Published Jul 9, 2009

Making $ense of Meat Marketing

By Sarah Carlson
On Monday, June 22nd at the Warren County Conservation Annett Nature Center PFI held a workshop to help support farmers who want to begin marketing meat successfully. The workshop was sponsored by the newly formed Grass Based Livestock Working Group as part of the Leopold Center for Sustainable Agriculture at ISU.

At the Making Sense of Meat Marketing workshop Mike Lorentz, co-owner of Lorentz Meats in Cannon Falls, MN started the day with two powerful presentations about:

“Understanding the Commodity Meat Markets” and “What business are we in?”

Mike showed that there is tremendous market opportunity for niche meats now, but that the industrial meat production system is extremely efficient – able to sell beef for less than the price of the cattle because large packers can make money from by-product sales (hides, organs, fat, bones, blood, etc.).

“A couple of his numbers caught my attention. If 10% of the beef consumed annually in Minnesota came from local farms, this would translate into 775,065 head of beef or $139,513,301 in sales if valued at what consumers would pay at retail prices. For hogs, these numbers were 239,565 head and $93,198,664 in sales. Those numbers are impressive, and Mike’s point was that it isn’t necessary to compete head-to-head with the current meat system to achieve significant sales numbers.”
  • Small meat processors cannot access these large-volume markets and thus must earn money by charging producers to process their meat.
  • Small-scale producers can make money by cutting out middlemen and selling directly to end consumers.

Mike cautioned that branded programs typically will not pencil out unless they can move more than 1000 cattle a years or 3000 hogs. For small-scale producers the best option is to sell halves, quarters and bundles (groupings of cuts totaling more than $100) or they will get too bogged down in the transaction costs of marketing individual cuts – this related well with several of the attendees who felt they had wasted whole days at farmers’ markets to sell only 3 lbs. of ground beef.

Where to start? Mike’s suggestions were–Use your exiting social and work networks to establish a customer base for halves, quarters, and meat bundles. It will take a lot of phone calls and you should be prepared to give away samples. As just mentioned, while farmers’ markets are typically not good places to sell individual cuts, they can be are good place for getting customers names early on, and delivering larger meat orders.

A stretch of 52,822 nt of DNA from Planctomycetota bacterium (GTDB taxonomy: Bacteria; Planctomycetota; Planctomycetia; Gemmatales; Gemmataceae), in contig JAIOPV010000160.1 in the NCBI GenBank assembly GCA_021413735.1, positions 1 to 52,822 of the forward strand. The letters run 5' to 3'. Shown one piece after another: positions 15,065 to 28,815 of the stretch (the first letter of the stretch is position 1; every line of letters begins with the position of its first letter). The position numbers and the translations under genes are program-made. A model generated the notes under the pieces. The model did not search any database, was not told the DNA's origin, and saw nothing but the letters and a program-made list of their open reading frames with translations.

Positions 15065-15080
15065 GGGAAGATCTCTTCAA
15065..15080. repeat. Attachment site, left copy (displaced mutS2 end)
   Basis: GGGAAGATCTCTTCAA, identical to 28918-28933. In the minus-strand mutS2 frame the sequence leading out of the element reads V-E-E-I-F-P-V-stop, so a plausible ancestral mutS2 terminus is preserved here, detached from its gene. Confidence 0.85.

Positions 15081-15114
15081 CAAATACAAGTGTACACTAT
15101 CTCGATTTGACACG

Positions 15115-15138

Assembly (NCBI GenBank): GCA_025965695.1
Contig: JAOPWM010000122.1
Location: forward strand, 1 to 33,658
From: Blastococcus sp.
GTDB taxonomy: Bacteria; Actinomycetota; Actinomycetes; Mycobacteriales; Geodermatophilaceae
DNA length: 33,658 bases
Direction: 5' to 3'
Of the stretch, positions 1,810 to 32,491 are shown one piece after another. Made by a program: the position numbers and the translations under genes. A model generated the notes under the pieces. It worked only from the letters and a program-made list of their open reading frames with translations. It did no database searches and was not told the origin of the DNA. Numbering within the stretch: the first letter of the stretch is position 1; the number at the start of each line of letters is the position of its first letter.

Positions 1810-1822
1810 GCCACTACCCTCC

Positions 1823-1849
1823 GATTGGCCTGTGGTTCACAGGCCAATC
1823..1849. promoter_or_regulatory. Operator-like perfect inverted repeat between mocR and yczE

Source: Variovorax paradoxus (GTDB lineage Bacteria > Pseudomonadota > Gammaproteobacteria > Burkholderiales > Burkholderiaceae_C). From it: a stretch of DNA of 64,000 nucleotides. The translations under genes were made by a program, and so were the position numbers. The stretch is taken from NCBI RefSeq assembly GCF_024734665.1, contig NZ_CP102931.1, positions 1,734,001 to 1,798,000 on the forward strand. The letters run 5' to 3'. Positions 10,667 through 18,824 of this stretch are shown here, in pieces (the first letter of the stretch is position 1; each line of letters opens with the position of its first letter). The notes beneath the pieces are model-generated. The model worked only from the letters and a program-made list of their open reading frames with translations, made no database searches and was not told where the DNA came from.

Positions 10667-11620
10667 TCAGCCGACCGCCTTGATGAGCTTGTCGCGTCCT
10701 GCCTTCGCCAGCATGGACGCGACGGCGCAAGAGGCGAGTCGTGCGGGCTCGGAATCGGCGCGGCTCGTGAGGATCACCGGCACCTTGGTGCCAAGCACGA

Lorentz Meats has been in business since 1967 and employs 45 people. They are a USDA certified, organic certified, and European Union certified facility. Mike and his family have successfully developed a small meat processing plant by working working in tandem with individual farmers and producer groups. Mike also developed a curriculum called “Branding Your Beliefs” to help farmers succeed in marketing their meats.

The afternoon session featured a group of producers who are using farmers’ markets, meat CSAs, Buying clubs, internet web sales, direct marketing and selling to institutions to keep much of the value in their hands.

Chris Lerch and his wife, Cindy from Blue Heron Organics in Milo, IA have an 75 acre farm southeast of Des Moines that is entirely seeded down to forages. Chris discussed how beef cattle operations are considered “natural.” And that identifying the customers desired feelings about meat is almost as important as the actual taste itself.

They currently have 18 agnus and black baldy cows. They began direct marketing their beef 12 years ago, and all of the beef they produce is marketed directly to direct consumers. They also operate an internet-based business where they sell various natural products to customers across the country ( They have two children, ages 8 and 10.

Cindy Madsen, and her husband, Vic, from Madsen’s Stock Farm, Audubon, IA have a 280-acre crop and livestock farm in southwest Iowa.

Cindy noted that the farmers market requires a serious investment in time including early 1 AM wake-up on Saturday. This year the cropland, on which they produce corn, soybeans, oats and hay, will all be certified organic. They also have a farrow-to-finish hog operation, and they produce eggs and broilers. They have been involved in direct marketing their pork, broilers and eggs for over ten years. They also sell some hogs to Niman Ranch. They have three grown sons.

Ryan and Kristine Jepsen, from Grass Run Farm in Dorchester, IA manage 280 acres of certified organic family land in far northeast Iowa. They stressed The land is a mix of pasture and timber. Grass Run Farm is actually a meat marketing company that sells 100% grass-fed beef from the Jepsen farm and the farms of three other producers. The beef is sold to a mix of customers, including consumers, institutions, restaurants, and grocery stores. They have a one-year-old daughter.

Investments in personal call time was stressed as a crucial component of establishing business. Even if it might take 100 calls to get one customer. It is also important to keep in communication with other PFI members who are trying things differently because the whole system is set up to discourage change.

If you have more questions or would like to receive information contact us in the office 515-232-5661.